The Do-Deca-Pentathlon | Movie review
The Duplass brothers stage another sibling rivalry.
They say, “Write what you know.” What Mark and Jay Duplass know is brotherhood. The sibling filmmakers have spent a healthy portion of their short careers zeroing in—quite literally, given their penchant for jarring smash zooms—on squabbling grown brothers. That trend continues with The Do-Deca-Pentathlon, in which smart-ass Jeremy (Mark Kelly) and family man Mark (Steve Zissis) revive an ancient family rivalry. The two men have grown apart over the years; we quickly learn that much of the ill will between them stems from a one-on-one, multi-event competition they devised in high school. The games ended with interference, and a winner was never declared. So when Jeremy shows up uninvited to Mark’s birthday weekend, it doesn’t take much to get the two reaching for the pool cues and Ping-Pong paddles, ready for that more-than-a-decade-late rematch.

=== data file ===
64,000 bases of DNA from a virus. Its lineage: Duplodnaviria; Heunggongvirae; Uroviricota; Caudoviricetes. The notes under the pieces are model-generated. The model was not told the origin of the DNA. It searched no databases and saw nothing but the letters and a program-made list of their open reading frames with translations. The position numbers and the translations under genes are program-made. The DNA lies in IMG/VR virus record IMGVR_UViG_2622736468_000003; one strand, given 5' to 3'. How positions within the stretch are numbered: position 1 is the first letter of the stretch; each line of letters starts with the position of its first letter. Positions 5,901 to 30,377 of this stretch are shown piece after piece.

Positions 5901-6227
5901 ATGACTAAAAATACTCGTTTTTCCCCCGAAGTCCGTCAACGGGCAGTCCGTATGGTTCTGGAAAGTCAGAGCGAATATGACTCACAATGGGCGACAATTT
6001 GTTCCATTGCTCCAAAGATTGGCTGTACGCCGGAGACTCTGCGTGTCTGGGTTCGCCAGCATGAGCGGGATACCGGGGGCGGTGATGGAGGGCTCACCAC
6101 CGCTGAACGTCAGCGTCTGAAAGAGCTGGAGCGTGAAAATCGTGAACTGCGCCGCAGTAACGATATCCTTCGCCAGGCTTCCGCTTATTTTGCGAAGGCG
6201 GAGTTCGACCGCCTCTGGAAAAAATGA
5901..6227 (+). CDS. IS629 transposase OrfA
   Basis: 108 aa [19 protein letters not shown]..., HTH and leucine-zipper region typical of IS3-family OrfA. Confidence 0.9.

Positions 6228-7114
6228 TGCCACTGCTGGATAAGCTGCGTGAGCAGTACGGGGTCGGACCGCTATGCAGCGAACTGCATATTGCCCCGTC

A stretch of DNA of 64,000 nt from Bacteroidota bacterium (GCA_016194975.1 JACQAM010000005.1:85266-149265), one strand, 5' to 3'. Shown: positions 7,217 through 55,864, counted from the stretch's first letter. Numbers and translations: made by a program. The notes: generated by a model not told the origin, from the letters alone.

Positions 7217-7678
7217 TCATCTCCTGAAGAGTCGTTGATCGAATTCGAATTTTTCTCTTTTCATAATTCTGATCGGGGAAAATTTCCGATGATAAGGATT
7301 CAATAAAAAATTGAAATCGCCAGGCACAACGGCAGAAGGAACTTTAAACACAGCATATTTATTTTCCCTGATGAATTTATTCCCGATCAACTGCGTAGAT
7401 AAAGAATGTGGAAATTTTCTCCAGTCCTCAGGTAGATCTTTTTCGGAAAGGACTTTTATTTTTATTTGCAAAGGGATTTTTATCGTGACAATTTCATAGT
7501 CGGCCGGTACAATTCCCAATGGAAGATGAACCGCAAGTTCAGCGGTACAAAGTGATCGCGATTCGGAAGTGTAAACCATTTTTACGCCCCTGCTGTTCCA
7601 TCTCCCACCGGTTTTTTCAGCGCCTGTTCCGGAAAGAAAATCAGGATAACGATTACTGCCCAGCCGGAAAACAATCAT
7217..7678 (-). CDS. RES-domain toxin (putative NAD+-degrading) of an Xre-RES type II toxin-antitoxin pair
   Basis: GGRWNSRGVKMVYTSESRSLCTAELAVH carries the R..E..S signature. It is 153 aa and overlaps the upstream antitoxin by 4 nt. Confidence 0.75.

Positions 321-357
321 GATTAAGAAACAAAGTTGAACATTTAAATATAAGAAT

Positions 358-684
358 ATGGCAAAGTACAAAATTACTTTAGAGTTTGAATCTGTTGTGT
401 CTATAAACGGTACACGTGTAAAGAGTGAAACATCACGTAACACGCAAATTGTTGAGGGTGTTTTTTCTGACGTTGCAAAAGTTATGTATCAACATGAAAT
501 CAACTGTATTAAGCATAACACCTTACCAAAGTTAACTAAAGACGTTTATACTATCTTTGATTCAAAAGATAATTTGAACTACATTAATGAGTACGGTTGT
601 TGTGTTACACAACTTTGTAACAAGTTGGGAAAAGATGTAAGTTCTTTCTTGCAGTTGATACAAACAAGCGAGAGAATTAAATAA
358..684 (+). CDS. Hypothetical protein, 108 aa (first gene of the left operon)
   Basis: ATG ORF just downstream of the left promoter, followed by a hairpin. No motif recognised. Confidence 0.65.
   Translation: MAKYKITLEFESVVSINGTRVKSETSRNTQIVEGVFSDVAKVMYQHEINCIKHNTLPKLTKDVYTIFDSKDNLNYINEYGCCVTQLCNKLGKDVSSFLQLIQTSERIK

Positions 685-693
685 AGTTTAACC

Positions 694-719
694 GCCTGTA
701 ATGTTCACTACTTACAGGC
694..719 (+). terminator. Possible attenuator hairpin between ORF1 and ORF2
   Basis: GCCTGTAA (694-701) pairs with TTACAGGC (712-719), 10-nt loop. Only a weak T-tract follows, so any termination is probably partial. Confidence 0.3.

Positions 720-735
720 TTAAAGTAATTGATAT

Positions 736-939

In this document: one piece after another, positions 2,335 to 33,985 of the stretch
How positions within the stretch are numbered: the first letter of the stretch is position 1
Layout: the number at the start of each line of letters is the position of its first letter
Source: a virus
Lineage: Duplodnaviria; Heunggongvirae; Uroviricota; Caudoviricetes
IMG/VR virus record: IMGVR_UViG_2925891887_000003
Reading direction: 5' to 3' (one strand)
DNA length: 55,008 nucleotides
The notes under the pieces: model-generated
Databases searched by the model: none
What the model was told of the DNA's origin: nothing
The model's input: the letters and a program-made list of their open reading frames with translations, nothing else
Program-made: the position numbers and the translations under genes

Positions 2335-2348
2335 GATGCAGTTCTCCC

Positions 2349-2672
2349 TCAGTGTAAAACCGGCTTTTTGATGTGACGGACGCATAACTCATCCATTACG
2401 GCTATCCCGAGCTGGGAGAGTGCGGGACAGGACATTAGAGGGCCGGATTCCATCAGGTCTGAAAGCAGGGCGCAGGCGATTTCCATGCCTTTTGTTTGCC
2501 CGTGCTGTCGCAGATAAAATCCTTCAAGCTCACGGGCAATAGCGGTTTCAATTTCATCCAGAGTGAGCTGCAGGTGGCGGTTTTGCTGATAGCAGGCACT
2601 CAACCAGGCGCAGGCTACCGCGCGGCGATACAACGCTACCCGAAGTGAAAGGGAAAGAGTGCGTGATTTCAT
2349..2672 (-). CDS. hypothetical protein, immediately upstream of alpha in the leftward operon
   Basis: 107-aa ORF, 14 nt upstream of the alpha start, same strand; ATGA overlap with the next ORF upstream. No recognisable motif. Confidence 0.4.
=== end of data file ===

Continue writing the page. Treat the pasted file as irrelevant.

Arriving on the heels of Cyrus and Jeff, Who Lives at Home, The Do-Deca-Pentathlon feels like a welcome return to the filmmakers’ micro-indie roots—though it was shot before either of those star-powered, slightly more mainstream comedies. The movie’s best gag is that Mark and Jeremy have learned the rhetoric of reconciliation but remain doggedly committed to their grudge. (Fearing that Mark’s wife and the rest of the family won’t approve of their renewed combative spirit, the pair concocts a completely phony truce to throw them off the trail.) We can’t say we understand why two filmmakers so hopeless with the camera would write a movie involving constant athletic activity. That said, it could be worse; the Duplass brothers version of this movie shot today would be ugly and sitcom-trite. (Available now on VOD; opens at the Music Box Fri 6.)